The charity Christian Aid has expressed disappointment at newspaper reports that one of its high profile backers, singer Katie Melua, participated in an aggressive tax avoidance scheme
Melua was one of 1,600 investors including celebrities, senior lawyers, NHS doctors and businessmen who sought to shelter an estimated total of £1.2bn through the Liberty tax strategy which generated artificial losses offshore which members could then use to avoid tax on other income.
Melua put £850,000 into Liberty in 2008. Two years later she was nominated for Christian Aid’s Tax Superhero Award after stating in an interview: ‘I pay nearly half of what comes to me in taxes, but I know I'm paying to live in a country with lots of amazing qualities. I have seen what it is like living in a country where people don't pay tax and have poor services in terms of health and education.’
Joseph Stead, senior economic justice adviser at Christian Aid, said that companies, and individuals, often make the right noises about paying tax, but don’t live up to them.
‘This is why we have been campaigning for greater transparency on tax. To be frank, finding celebrities we could use as examples to endorse our tax campaign was an uphill struggle as we have no idea about the tax status of most. Katie, however, seemed ideal because of her public pronouncements on the subject.’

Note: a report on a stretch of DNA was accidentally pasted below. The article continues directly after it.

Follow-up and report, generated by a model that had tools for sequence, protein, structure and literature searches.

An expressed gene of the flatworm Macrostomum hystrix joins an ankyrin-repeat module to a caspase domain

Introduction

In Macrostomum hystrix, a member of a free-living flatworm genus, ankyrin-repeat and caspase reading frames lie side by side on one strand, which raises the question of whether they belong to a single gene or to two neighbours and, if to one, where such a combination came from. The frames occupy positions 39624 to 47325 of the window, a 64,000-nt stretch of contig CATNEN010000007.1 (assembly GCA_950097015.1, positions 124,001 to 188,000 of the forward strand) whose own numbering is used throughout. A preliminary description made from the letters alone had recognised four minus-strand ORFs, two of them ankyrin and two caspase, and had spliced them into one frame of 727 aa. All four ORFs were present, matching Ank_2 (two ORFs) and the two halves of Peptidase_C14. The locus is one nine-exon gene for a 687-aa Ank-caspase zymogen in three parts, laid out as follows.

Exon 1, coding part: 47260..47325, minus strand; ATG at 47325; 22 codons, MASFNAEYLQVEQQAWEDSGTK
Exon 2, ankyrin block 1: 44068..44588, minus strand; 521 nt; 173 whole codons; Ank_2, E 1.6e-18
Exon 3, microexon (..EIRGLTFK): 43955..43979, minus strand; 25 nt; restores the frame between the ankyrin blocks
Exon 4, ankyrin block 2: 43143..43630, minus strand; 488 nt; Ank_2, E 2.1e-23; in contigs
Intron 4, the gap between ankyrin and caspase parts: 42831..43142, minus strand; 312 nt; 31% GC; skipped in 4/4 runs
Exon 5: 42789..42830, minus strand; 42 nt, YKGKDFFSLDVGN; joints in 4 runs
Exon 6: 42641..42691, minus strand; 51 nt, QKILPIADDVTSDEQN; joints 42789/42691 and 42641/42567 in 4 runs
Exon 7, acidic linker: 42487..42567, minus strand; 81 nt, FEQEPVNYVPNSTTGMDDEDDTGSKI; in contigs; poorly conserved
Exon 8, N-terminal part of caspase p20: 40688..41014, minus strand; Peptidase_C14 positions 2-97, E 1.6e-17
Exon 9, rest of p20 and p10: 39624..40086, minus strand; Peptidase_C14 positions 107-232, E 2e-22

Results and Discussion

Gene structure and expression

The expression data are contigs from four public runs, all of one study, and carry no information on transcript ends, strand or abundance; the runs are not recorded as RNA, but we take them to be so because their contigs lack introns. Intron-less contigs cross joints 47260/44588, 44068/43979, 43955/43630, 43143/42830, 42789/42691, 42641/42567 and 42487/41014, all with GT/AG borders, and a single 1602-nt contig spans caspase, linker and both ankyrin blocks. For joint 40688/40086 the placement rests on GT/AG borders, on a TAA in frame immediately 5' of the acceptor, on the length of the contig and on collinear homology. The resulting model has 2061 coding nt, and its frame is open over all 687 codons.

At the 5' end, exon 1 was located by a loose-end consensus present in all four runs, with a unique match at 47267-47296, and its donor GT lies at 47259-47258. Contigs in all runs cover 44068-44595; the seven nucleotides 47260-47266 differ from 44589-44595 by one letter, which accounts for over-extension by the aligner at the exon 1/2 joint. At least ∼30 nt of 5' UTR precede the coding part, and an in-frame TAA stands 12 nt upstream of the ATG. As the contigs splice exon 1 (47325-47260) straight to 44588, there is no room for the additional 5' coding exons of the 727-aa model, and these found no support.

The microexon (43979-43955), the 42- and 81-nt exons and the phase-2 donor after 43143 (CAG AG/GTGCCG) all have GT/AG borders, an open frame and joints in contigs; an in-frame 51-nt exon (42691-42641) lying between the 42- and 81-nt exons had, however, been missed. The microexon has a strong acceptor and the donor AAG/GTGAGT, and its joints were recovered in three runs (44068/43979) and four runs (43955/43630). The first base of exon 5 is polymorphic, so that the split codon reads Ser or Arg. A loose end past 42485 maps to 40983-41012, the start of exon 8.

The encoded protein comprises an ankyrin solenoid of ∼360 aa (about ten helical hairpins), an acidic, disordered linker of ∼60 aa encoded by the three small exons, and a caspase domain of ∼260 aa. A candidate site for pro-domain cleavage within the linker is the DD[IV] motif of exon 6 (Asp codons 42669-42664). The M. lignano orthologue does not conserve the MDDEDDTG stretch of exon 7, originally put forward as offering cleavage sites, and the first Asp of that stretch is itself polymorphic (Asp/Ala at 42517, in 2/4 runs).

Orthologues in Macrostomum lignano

In a statement, lawyers for Melua said that she had invested in Liberty at the suggestion of her accountants but repaid the sheltered tax to HMRC and so had not avoided tax.
HMRC has spent more than a decade investigating Liberty and is due to challenge the scheme in court in March next year.
New rules mean that participants in high profile aggressive tax avoidance schemes are likely to receive tax demands over the next few months from HMRC as they are now required to pay upfront if the amount is in dispute.
This includes members of another scheme called Icebreaker which saw around 1,000 investors, including Take That star Gary Barlow, put money into partnerships ostensibly designed to exploit intellectual property rights.
Earlier this year, a judged ruled that Icebreaker partnerships had the main aim of securing tax relief for members.
This week Rebus Group announced the launch of the Rebus Icebreaker Settlement Entity (RISE), an action group to help Icebreaker investors in agreeing any outstanding tax liabilities, arranging a time period for settlement and taking appropriate action against those who may have mis-sold the investment originally.
Rhys Thomas, director at Rebus Management Services, said: ‘The court decision in May of this year saw all tax reliefs claimed, denied, leaving investors facing tax liabilities from previous years, together with interest and possible penalties.
‘This means life-changing liabilities for most people. From the possibilities of mis-selling, right the way through to refusing to communicate with investors, investors have essentially been left in the dark, by Icebreaker, and completely abandoned at a time when they need reassurance the most.’